In conclusion, this work helps elucidate how endogenous nucleases act on ssDNA and dsDNA cassettes used for recombineering. In addition to providing further mechanistic insight into Lambda Red recombination, this work also facilitated the creation of nuclease knockout strains with markedly improved recombination frequency and mutation inheritance. These strains will be highly useful as chassis in future recombineering efforts, and may enable new and powerful applications of Lambda Red technology.
A full list of primers and recombineering oligonucleotides used in this work is presented in Table S1. All oligonucleotides were ordered from Integrated DNA Technologies with standard purification and desalting.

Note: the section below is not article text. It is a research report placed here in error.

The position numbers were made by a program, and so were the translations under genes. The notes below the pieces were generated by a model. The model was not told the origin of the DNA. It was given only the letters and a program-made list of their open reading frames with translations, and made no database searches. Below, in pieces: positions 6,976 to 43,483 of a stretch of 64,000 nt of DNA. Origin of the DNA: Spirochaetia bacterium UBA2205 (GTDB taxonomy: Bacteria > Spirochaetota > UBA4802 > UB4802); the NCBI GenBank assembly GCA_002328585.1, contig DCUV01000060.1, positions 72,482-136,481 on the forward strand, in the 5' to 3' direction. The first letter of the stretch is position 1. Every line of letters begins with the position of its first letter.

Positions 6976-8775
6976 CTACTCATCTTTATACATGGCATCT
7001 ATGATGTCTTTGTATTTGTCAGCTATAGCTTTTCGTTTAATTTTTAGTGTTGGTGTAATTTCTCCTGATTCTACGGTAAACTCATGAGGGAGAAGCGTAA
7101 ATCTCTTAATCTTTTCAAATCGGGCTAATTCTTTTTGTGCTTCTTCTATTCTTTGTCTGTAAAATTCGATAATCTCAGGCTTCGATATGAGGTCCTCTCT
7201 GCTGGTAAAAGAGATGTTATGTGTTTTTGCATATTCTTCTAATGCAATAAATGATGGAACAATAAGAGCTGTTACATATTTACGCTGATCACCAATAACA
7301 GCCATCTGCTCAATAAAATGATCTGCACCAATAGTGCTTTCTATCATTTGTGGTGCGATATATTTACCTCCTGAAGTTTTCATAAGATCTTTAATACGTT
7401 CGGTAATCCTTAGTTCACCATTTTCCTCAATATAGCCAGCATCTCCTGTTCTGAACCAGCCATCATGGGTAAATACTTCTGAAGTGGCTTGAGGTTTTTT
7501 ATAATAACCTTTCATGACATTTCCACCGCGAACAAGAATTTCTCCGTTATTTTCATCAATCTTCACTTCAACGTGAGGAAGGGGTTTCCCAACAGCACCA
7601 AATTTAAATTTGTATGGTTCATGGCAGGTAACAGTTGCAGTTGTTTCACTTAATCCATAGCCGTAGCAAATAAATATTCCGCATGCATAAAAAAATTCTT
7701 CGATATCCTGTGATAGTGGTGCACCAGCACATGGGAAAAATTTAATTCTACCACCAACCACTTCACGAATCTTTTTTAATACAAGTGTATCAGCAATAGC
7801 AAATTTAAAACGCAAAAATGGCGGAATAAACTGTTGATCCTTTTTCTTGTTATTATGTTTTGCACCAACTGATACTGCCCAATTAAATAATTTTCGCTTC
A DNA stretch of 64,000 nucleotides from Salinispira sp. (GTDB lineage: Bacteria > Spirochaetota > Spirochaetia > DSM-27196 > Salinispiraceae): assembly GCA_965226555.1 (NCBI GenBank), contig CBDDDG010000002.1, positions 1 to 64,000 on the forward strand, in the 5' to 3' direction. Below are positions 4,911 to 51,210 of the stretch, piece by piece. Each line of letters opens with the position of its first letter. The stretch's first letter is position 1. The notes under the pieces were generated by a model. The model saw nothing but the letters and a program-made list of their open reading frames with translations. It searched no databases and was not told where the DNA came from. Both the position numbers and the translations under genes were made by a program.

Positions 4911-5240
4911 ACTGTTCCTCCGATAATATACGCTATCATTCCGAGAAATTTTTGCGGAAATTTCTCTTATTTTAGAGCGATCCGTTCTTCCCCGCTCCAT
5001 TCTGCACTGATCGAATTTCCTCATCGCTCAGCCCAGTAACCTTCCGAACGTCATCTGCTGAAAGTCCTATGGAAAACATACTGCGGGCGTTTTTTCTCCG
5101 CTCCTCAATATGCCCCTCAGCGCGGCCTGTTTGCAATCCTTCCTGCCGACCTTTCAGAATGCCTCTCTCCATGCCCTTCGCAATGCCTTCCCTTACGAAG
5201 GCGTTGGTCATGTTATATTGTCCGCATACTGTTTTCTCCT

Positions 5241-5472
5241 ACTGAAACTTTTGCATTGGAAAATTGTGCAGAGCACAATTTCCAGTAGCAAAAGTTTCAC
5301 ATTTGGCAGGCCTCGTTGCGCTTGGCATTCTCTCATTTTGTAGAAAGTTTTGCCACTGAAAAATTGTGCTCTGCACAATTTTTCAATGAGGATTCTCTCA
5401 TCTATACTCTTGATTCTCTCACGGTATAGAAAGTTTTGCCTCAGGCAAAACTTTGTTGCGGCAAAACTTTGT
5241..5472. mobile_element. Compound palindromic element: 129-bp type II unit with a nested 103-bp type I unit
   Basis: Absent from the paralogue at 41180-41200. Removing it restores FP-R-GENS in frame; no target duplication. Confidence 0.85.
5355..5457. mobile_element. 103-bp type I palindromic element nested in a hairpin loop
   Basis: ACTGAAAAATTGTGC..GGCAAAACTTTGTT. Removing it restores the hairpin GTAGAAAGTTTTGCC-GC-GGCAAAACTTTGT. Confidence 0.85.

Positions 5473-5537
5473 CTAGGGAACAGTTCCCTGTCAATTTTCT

Both the VPT series of dsDNA recombineering cassettes described above and the lacZ::kanR cassette with mutations encoded in its homology arms were generated by PCR using the primers denoted in Table S1. PCRs were performed using Kapa HiFi HotStart ReadyMix, with primer concentrations of 0.5 µM, and 0.1 ng of lacZ::kanR dsDNA (generated in previous work ) used as template. PCRs had a total volume of 50 µL, and were heat activated at 95°C for 5 min, then cycled 30 times with a denaturation temperature of 98°C (20 sec), an annealing temperature of 62°C (15 sec), and an extension temperature of 72°C (45 sec). PCRs were brought to 72°C for 5 min, and then held at 4°C. PCR products were cleaned with the Qiagen PCR purification kit (elution in 50 µL H2O). Samples were desalted with Microcon® Ultracel YM-100 columns (spinning twice at 500 × g for 20 min, and bringing to 500 µL in H2O before each spin). Resulting samples were then brought to 100 µL in H2O and quantitated on a NanoDrop™ ND1000 spectrophotometer. All samples were analyzed on a 1% agarose/EtBr gel to confirm that the expected band was present and pure.